Dori’s Top Books of 2015 December 17, 2015Posted by Dori in Audio, Biographies, Book List, Fantasy, Fiction, First Novel, Historical Fiction, Literary Fiction, Non-Fiction, Top Ten, Top Ten of 2015.
Every year I say this and every year it’s true: I did not read nearly enough this year! I’ve been perusing all the lists of Best Books including my RRPL coworkers’ lists and realized that I’ve missed so many – the pile on my nightstand is calling…
In the meantime, here’s a list of books, in no particular order, that thrilled, chilled, amazed, and enlightened me – books that took me to other places, be they the heads of other people, fantastical lands or back in time.
The Book of Aaron by Jim Shepard: told through the eyes of a young Jewish boy as the Nazis sweep through Warsaw – the emotional impact, the plain, raw language – just wow.
The Whites by Richard Price writing as Harry Brandt: I’ve never read Price before, but I am now a fan. A gritty look at crime and cops in New York with a well-drawn cast of characters. I listened to it and the narrator really captured all the voices.
Uprooted by Naomi Novik: a fantastic fairy tale for grown-ups – go strong women!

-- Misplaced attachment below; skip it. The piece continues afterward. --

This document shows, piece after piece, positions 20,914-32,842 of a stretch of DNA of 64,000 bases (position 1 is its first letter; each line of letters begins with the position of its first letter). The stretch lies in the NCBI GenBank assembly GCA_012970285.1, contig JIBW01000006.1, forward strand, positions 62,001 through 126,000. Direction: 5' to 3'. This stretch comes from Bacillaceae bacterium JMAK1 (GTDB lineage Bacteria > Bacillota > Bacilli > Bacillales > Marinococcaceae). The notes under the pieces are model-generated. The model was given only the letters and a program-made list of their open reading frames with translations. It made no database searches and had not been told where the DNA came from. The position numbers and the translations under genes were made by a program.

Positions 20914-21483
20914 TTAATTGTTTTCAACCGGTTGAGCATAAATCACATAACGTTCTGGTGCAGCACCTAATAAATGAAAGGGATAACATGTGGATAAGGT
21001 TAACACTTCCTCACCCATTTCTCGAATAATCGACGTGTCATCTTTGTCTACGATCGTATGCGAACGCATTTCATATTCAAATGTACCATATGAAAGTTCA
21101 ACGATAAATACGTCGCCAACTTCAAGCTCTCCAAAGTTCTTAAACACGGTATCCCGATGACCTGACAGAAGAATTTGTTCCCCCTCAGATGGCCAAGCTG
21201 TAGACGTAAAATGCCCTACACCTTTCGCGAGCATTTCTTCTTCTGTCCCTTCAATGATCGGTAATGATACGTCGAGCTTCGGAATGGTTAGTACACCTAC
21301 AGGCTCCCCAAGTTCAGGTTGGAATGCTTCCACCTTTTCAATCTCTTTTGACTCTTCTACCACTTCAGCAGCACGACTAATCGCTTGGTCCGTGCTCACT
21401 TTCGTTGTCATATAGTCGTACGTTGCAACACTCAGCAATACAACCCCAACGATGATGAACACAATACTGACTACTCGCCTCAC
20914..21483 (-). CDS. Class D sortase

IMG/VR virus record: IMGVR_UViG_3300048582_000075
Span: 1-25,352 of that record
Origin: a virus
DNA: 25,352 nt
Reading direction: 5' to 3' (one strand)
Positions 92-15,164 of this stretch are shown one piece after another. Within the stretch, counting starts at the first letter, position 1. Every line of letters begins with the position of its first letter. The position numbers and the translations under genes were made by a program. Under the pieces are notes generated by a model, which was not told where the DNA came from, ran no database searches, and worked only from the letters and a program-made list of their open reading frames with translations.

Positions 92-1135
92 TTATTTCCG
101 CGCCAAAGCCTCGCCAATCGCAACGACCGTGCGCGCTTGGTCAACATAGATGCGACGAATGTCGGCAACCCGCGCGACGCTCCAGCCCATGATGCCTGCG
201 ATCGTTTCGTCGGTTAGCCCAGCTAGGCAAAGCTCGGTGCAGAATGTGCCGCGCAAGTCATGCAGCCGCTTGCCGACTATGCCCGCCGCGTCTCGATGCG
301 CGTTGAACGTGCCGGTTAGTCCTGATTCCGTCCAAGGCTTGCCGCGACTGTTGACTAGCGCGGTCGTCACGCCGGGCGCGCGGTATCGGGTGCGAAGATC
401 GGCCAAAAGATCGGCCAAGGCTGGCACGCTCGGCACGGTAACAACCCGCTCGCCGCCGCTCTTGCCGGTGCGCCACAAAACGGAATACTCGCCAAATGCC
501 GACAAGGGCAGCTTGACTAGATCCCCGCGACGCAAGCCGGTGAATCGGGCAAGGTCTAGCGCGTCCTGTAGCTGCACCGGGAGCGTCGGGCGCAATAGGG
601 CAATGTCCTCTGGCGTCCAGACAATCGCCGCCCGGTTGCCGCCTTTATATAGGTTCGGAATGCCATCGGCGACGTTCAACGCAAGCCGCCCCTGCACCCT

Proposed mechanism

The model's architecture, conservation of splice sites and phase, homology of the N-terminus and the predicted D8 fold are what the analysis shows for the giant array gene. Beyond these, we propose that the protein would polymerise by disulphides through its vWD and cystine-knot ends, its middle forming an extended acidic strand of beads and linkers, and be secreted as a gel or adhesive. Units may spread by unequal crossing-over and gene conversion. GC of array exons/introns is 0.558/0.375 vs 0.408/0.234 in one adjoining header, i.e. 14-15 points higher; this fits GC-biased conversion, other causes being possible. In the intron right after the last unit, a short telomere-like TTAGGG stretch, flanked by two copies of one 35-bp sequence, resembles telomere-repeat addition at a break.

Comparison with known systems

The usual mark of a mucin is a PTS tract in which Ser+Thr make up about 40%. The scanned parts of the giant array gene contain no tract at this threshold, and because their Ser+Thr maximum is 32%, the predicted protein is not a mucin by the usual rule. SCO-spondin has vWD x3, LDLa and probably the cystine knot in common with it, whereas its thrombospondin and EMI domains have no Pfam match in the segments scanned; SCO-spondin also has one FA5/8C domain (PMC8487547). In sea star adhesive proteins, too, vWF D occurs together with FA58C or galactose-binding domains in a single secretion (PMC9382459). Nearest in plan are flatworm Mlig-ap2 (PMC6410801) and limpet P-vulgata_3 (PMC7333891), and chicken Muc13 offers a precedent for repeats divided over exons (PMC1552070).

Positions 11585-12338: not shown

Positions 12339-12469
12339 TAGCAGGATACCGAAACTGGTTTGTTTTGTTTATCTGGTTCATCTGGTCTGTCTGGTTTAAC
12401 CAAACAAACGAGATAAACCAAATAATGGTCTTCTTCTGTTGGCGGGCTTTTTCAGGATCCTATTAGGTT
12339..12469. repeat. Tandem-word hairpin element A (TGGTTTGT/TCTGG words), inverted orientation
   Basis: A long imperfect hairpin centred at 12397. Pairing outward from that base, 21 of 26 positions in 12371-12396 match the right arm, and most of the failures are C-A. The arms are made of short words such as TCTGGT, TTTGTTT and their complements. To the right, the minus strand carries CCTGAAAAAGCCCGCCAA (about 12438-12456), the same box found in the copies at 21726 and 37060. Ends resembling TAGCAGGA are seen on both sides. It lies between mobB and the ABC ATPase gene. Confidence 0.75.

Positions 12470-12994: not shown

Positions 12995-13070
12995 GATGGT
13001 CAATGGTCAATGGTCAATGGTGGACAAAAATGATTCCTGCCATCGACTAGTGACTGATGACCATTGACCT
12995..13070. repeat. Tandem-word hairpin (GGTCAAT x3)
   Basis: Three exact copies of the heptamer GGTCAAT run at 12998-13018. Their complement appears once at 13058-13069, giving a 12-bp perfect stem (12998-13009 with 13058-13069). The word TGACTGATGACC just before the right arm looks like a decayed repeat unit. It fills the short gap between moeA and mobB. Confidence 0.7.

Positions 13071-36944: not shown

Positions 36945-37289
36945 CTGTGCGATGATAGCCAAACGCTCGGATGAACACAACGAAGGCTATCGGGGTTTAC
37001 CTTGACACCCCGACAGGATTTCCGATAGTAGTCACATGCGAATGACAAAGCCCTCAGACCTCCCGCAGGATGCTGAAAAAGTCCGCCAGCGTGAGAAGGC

Purity by Jonathan Franzen: while maybe not the best of Franzen, it’s a fascinating look at secrecy vs. transparency – in families, in societies and on the internet.
The Library at Mount Char by Scott Hawkins: a weird, violent and really different book that sucks you in with its fantastical story and its offbeat, kick-a@* heroine.
H is for Hawk by Helen MacDonald : a memoir about recovering from the sudden death of her father – beautiful writing, natural history lessons and a look at T.H. White – an odd mix that works perfectly.
Fates and Furies by Lauren Groff – I love, love, love Lauren Groff – her lush and lyrical writing makes me swoon! It’s the president’s favorite book, too!
A Spool of Blue Thread by Ann Tyler: another audiobook – I’m a sucker for a family story and this slow, meandering look at the Whitshank family through the years resonates.
Between the World and Me by Ta-Nehisi Coates: this timely book by a writer at The Atlantic is a letter to the author’s son about his experiences as a black man in America. It’s both eye-opening and beautifully written with soaring and passionate prose.
Speak by Louisa Hall: this novel surprised and moved me – it’s told from a number of voices across centuries and explores artificial intelligence while stressing our essential needs for communication and connection.
Enjoy and Happiest of Holidays!